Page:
In an upward-sloping yield curve, the Z-DM will be below the DM. Why is this?
Last week I sent an erratum to CFA Institute on this one; I’ve done a few examples in Excel and for an upward-sloping yield curve the Z-DM always comes out higher than the DM.
If I hear anything from them, I’ll post it here.
Thanks a lot sir…
so did you hear anything from the institute ? still not able to understand
The discount margin is the fixed add-on to the current MRR rate that is required to reprice the bond considering a change in the perceived credit quality of the issuer.
The forward rate curve used to (re) discount the bond is flat. It does not take into account the term structure of interest rate.
The Zero Discount Margin (Z-DM) is the parallel shift to the forward MRR curve that is required to reprice the FRN.
This time, the term structure of interest rate is not flat.
And we also consider the same assumption considering the change in perceived change in the issuer’s credit quality.
In short, If we consider an upward yield curve, the Z DM is the DM + the yield add-on considering the upward yield curve.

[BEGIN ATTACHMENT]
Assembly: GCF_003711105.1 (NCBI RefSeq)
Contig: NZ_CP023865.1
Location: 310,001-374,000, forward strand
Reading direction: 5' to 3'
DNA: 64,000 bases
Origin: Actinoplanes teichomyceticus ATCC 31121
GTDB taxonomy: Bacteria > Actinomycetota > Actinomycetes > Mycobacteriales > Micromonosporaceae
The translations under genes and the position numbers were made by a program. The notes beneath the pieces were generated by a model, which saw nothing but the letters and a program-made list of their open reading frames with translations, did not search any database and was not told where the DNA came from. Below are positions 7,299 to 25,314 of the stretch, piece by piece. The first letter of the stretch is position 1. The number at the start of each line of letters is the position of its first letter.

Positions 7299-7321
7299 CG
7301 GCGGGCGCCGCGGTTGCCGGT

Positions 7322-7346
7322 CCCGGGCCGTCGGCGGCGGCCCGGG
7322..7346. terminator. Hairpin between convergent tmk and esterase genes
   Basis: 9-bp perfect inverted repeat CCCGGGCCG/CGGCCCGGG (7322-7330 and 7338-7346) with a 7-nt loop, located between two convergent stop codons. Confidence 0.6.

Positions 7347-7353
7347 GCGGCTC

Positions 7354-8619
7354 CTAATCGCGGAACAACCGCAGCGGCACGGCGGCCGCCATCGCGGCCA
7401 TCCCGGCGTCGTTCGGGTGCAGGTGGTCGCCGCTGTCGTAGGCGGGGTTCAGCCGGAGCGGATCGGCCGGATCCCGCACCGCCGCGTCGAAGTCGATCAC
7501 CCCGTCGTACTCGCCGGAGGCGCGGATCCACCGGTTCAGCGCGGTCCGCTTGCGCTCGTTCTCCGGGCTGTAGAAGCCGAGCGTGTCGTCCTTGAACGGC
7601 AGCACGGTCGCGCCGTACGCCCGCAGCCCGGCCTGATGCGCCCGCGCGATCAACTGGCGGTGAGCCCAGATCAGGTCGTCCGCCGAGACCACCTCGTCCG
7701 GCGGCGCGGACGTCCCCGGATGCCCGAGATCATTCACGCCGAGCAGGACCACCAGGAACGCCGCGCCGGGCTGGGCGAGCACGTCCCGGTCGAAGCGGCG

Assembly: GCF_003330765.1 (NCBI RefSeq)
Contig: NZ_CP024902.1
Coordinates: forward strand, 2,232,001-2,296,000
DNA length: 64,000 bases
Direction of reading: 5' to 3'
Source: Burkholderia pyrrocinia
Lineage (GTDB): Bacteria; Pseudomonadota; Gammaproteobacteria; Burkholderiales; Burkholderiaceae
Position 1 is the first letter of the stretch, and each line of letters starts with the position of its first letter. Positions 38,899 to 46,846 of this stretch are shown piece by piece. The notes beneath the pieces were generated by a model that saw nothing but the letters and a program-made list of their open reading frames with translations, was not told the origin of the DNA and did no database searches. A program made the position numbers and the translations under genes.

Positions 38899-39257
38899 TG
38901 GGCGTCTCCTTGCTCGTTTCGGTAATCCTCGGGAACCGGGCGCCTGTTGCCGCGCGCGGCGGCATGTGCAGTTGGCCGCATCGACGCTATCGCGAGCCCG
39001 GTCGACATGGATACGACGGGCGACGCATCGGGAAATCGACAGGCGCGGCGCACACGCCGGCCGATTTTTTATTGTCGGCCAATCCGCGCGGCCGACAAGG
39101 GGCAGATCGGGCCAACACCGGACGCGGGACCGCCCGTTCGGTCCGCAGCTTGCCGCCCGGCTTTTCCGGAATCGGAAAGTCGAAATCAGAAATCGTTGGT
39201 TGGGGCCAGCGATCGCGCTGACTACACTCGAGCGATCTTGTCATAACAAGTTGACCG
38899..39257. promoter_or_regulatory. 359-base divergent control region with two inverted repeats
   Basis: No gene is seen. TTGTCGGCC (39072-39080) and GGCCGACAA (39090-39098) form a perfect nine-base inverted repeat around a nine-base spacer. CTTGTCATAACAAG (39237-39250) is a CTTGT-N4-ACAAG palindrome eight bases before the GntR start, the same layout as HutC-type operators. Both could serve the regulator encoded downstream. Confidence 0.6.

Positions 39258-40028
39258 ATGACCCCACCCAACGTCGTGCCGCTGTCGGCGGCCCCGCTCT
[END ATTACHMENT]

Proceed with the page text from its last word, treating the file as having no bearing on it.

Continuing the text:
It means that the discount rate used to reprice the FRN is higher, hence his theoretical price will be RELATIVELY LOWER than the price of the bond repriced at a then HIGHER discount rate. So the Z DM will NEED to be lower considering an upward sloping yield curve.
It’s a bit simplistic because if the MRR goes up the coupon also goes up so we could assume that even if the yield is upward sloping than the HIGHER discount rate in the denominator will be offset by a HIGHER coupon in the numerator (remember that the FRN pays the MRR plus a constant spread which rarely changes).
My intuition is that in the denominator there is a geometric progression and in the numerator an arithmetic progression hence the denominator will eventually be HIGHER than the numerator.
Hence the bond price will be LOWER repriced in this new environment (HIGHER discount rate) and the add-on required (Z-DM) NEEDED to reprice the bond will be LOWER ( LOWER discount rate) in an upward sloping yield curve then the DM.
What can happen is that if the maturity is too short and the accrued interests are not precisely taken into account the result can be misleading.
Hope this helps.